Entomopathogenic fungal strain selection

The multiple strains of entomopathogenic fungi, e.g., Beauveria bassiana strain (Bb885 & 86), Cordyceps cicadae, Metarhizium anisopliae strain (73&42) and Paecilomyces fumosoroseus, were obtained from the fungal bank of the Research Center on Entomogenous Fungi (RCEF) at Anhui Agricultural University, Hefei, China (Latitude 31°N and Longitude 117°E) for the bioassay test. These strains were preserved at -70°C prior to use.

Preparation of fungal spore suspension

Two hundred microliters of conidial suspension tube were obtained from the fungal bank and inoculated with sabouraud dextrose agar in 9 cm-diameter Petri dishes, containing 20 g of agar, 10 g of peptone, and 40 g of dextrose. The mixture was then maintained at 24 ± 1°C in an incubation chamber for 12 days. Penicillin/streptomycin (2.5 ml/l), potassium (0.5 mg), and cycloheximide (40 g) were added to the medium to support bacterial growth before plating. Completely developed conidia were obtained by scraping the upper layer of the culture and then diluted using 100 milliliters of 0.05% Tween®80 in a 200-milliliter conical flask. For five minutes, the flask containing the conidia was homogenized in a vortex. The diluted conidia were transferred into a sterile beaker using cotton and a sterile 30 ml syringe. Using a hemocytometer and a microscope, suspensions were brought to predetermined concentrations. The standardization of conidia suspensions was done at 1 x 105, 1 x 106, 1 x 107, and 1 × 108 conidia /ml [21].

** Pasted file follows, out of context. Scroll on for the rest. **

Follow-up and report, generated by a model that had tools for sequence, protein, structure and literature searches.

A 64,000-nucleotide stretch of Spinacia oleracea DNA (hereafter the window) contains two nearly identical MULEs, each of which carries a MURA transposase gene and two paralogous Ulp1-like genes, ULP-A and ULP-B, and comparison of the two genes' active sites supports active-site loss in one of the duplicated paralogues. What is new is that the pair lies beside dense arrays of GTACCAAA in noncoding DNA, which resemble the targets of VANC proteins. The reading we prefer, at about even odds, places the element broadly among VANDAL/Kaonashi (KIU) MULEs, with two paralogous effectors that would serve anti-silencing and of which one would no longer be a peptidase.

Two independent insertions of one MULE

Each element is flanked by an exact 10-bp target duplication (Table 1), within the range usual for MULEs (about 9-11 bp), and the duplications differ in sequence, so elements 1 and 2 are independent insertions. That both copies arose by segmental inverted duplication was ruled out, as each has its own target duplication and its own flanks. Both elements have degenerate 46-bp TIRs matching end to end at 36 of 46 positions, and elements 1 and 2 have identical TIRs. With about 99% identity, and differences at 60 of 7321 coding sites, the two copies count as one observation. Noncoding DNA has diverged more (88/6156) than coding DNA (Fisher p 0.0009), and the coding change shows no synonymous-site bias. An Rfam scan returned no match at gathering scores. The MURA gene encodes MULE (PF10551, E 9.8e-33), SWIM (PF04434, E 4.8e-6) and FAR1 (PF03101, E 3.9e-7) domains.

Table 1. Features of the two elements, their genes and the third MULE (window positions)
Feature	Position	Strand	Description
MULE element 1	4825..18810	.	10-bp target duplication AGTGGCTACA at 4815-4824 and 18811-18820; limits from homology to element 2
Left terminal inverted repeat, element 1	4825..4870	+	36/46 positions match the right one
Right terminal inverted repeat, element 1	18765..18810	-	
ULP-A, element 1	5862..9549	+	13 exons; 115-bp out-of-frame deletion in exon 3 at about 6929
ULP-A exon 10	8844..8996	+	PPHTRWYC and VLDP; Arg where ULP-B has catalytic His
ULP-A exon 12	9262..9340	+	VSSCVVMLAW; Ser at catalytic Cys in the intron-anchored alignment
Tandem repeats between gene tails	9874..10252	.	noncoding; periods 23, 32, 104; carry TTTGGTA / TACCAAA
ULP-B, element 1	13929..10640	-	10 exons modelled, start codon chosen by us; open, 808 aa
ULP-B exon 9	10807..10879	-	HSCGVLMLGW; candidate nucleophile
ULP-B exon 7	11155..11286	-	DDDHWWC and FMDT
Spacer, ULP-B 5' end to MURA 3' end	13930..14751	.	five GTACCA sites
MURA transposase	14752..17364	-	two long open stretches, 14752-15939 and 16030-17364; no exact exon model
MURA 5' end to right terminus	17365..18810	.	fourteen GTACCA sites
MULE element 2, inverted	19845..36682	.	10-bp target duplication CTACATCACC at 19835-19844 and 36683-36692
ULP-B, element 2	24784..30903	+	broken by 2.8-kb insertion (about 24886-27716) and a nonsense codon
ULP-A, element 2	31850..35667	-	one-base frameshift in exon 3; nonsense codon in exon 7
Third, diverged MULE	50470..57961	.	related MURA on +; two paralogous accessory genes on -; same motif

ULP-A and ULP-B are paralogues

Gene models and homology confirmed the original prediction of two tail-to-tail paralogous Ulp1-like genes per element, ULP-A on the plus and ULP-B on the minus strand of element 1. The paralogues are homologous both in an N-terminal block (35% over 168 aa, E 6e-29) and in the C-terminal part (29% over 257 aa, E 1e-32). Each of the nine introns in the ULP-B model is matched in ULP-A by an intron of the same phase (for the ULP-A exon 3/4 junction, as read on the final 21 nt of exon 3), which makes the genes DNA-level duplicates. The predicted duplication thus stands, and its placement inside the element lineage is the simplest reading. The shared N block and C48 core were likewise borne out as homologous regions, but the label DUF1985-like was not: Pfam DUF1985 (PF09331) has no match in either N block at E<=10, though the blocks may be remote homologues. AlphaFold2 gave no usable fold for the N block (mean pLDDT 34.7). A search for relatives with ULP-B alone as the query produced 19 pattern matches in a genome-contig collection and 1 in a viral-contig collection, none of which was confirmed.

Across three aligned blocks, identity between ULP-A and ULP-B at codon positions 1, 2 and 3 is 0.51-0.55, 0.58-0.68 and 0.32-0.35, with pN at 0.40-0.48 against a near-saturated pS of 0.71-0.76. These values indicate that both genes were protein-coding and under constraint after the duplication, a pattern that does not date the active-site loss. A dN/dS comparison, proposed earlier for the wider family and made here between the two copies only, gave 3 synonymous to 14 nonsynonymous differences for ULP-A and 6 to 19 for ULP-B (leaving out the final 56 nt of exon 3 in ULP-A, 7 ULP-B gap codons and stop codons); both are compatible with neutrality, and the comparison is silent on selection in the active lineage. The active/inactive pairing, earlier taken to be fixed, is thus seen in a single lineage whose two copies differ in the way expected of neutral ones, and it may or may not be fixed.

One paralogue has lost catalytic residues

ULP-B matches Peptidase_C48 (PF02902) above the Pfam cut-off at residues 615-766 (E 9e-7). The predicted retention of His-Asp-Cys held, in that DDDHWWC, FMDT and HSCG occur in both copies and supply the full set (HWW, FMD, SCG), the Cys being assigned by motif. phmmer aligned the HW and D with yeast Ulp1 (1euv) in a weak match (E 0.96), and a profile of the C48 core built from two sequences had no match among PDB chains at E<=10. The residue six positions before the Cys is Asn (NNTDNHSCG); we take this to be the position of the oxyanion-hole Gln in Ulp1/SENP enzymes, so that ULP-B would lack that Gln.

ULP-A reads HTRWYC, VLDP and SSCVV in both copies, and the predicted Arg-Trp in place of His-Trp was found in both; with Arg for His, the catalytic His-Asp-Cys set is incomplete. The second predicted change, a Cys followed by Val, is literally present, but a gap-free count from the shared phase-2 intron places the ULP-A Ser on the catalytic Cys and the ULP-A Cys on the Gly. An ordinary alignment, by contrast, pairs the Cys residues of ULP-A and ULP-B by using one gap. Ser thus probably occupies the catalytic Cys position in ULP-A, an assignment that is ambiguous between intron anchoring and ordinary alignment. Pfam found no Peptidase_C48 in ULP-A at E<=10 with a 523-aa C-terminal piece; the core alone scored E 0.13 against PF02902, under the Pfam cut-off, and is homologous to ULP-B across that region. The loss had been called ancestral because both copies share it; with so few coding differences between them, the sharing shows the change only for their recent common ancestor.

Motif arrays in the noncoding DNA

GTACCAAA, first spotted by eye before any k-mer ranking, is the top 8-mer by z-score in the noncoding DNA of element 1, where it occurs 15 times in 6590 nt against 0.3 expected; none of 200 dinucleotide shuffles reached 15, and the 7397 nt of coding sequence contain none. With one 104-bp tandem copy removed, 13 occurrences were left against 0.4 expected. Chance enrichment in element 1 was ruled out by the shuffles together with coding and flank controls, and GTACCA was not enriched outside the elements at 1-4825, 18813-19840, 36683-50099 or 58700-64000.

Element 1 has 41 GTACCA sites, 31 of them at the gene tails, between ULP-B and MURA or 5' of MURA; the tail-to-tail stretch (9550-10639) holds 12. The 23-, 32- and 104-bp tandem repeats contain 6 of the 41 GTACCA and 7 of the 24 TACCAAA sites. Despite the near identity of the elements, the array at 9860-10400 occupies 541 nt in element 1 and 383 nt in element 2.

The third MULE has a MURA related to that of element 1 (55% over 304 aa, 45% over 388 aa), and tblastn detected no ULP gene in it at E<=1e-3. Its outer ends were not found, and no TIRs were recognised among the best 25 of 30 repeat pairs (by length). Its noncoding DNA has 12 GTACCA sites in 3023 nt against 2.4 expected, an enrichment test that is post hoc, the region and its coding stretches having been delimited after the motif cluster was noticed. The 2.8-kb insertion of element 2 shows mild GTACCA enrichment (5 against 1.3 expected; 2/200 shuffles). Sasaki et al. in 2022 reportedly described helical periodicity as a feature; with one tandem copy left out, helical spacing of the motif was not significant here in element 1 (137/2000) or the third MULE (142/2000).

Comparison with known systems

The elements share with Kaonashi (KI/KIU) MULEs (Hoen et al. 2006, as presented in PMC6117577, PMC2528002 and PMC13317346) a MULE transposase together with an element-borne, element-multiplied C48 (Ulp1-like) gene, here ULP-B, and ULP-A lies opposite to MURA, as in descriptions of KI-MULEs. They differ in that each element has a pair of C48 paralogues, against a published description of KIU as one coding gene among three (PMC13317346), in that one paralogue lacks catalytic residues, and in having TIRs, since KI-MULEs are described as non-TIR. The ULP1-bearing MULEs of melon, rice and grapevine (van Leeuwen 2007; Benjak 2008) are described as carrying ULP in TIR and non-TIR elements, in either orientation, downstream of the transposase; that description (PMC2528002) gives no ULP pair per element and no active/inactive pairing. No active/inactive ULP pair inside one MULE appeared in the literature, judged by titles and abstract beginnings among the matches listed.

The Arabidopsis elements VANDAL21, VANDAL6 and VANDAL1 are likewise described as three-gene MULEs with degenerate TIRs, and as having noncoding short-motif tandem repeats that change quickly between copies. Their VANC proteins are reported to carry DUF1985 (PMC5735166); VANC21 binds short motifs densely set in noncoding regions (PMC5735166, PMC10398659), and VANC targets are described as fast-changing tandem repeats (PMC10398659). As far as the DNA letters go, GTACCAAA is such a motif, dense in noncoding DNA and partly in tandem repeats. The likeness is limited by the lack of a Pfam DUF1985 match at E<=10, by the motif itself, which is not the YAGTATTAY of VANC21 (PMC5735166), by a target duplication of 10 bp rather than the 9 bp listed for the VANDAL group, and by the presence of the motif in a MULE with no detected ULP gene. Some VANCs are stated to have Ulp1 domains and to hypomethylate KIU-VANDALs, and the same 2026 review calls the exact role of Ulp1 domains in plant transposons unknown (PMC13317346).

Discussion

Insect collection and bioassay procedures